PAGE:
But yeah, when listing what genre qualities a game possess, having separate categories for gameplay style/mechanics/elements and the story/setting/themes would probably make games easier to identify and organize. It gets kind of messy when looking for games of a certain nature as it is.

  2. Avatar TSMP says:

    Or, if the story is such an integral part of games now, maybe have two separate genre classifications for gameplay and story? For example, the gameplay could be platformer and the setting/story is fantasy. Games that don’t have a story wouldn’t need a genre for that, of course.

    If adventure has nothing to do with gameplay and everything to do with story, then…

  3. Avatar EldritchImagination says:

    Well, i guess it’s the same problem people have with the Action genre, and the RPG genre (though I don’t really want to open up that can o’ worms lest it attract pirates). I guess, like action games, given its broad definition, I’d say the best course would be to invent subgenres of adventure, defining the differences in the way the adventures play out, how they operate, how they involve the characters and players, and how it all relates to gameplay and how the gameplay affects the adventure.

    I’d say Telltales recent games are a good start. Adventure games which focus on player choices that determine what paths the adventure takes. Choose you’re own adventure genre (a play on the choose your own story genre for books). Of course you have point and clicks, basically synonymous with, “like old Lucus arts games”, which focus on story and narrative based adventures with point and click gameplay to guide it and progress, typically with some form of puzzles and navigation.

    Can’t forget games like Uncharted and the Order 1886. Extremely linear game design complete with a large amount of event set pieces, limited player choice, with the player serving only as the controller of gameplay. I would consider them….what else, cinima games, cause they’re basically movies with game mixed in, not to say that’s a bad thing. This is of course not to be confused with “cinimatic games, which is defined more by graphics and visual design, at least to my understanding of it.

    Games like Journey already have a genre title, Walking simulators, games where gameplay is about simple navigation to drive the story and adventure forward.

    I’m kind of just throwing ideas out. Really, it’s up to the masses to define genres. But yeah, more detailed definitions of genres would be helpful and give more significance to genre titles. As games become more diverse and complex, and as new kinds of games are made, so too should our means of categorizing. While the Adventure genre, like Action, is extremely common, it is not universal among games, either old or new, so it still has value, if just as a very general category of genres. I think there should be arch-genres, genres that define a simple core nature that links many, more specific genres. Genres like Action, adventure, and puzzle/strategy would serve as general arch-genres, which then lead to more specific genres like shooter, platformer, and point-and-click, which then lead to even more specific like side scrolling platformer, top down or first person shooter, and whatever the hell Battleborn was.

  4. Avatar TSMP says:

    This brings us back to the original question, though: if adventure as a genre can’t be used to classify a distinct type of game anymore (which is the whole point of a genre), then does it really have any business being a genre? What do Day of the Tentacle, Heavy Rain, Minecraft, and The Cave have in common, and what separates them from other games that aren’t part of the adventure genre? What even defines the adventure genre anymore?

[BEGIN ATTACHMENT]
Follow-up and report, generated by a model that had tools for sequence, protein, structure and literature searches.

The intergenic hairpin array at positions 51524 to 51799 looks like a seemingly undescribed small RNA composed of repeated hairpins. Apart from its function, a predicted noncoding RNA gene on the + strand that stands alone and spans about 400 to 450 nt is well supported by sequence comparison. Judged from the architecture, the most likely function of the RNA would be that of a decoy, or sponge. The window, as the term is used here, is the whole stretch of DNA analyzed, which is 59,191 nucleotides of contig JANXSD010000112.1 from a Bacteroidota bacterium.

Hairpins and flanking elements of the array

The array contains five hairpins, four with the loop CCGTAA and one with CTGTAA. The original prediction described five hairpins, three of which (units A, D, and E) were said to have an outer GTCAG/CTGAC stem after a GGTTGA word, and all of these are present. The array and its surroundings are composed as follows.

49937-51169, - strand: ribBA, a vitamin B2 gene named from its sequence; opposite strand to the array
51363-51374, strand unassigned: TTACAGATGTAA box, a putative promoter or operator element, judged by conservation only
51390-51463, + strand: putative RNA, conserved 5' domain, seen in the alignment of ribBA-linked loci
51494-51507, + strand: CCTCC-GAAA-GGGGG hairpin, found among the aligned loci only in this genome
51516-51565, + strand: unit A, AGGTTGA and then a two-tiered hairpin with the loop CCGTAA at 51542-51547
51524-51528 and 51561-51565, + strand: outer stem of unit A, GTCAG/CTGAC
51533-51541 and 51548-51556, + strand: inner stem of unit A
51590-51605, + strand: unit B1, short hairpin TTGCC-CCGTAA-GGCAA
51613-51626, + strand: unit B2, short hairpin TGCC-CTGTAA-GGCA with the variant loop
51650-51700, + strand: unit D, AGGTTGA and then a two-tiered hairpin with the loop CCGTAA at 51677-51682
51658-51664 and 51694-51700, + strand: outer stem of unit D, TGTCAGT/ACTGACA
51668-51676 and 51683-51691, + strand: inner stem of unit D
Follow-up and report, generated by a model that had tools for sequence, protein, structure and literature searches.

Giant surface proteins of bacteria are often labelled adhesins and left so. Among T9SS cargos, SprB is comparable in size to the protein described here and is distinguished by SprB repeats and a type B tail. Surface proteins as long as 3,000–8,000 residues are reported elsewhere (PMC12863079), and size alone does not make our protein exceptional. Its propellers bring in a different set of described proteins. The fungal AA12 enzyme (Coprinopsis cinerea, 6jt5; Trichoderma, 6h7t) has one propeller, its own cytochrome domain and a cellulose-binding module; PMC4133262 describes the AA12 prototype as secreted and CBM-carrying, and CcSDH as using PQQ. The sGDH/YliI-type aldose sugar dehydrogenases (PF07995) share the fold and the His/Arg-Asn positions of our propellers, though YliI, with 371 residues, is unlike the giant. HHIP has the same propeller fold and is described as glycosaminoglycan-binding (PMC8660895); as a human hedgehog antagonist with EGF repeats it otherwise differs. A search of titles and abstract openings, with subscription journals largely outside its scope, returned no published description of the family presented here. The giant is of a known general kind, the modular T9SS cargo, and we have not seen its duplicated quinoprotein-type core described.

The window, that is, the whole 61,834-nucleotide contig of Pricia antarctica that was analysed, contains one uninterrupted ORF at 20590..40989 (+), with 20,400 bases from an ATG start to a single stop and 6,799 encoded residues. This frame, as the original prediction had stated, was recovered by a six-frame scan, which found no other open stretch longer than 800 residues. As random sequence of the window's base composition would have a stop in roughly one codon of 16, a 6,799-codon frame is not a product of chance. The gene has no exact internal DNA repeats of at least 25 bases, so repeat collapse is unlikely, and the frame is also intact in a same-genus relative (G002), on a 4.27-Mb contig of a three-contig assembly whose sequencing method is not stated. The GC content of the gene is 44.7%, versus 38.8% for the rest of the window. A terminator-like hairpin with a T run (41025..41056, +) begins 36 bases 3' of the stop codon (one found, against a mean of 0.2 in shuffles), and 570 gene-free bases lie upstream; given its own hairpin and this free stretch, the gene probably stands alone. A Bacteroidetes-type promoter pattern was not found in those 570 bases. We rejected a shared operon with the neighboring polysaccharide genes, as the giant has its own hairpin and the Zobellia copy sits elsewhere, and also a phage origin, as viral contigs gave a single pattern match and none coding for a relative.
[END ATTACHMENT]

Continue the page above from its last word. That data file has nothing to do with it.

RPGs and adventure do go hand-in-hand, all the way back to ye olde tabletop games. But if RPG and adventure are supposed to be separate genres, then where do we draw the line between them? If we already know what defines an RPG, and we separate that from an adventure, then in order to be a distinct genre, a pure, non-RPG adventure game would have to have none of the traits that makes an RPG. If an RPG is defined by the player playing a role in a story, then in order to not be another word for RPG, a purely adventure game would have to have nothing to do with that.

    This problem only exists if we treat adventure as an actual genre instead of as a meaningless term, of course.

  5. Avatar EldritchImagination says:


    I actually see the adventure game not as a gameplay genre, but a genre that defines what the point of the gameplay is. Think about point and click adventure games, what’s the gameplay for them. Puzzles, logic puzzles (though often illogical puzzles for old adventure games) which basically involve clicking to one place, clicking on items, and putting items on things. Not much to it from a mechanical perspective, but think about the point of it all. Again going back to classic gaming (back when genres were first being defined), the point of these games, separate from arcade and most console games, was to progress through a story.

    Everything you did was for the purpose of continuing the story, each action not just for the sake of gameplay, but a significant plot point marking your progress in the narrative as the character of the game. The story is the journey of the character, not a matter of location or actual travel, but through the events that bring the game to life and give the game purpose and context, and the player a reason to play beyond the just the gameplay. It puts the player into the game world, and makes the experience not just about the player playing the game, but also about the character and their purpose in the game, why they do what they do, and how the player engages with the story and game world through the character.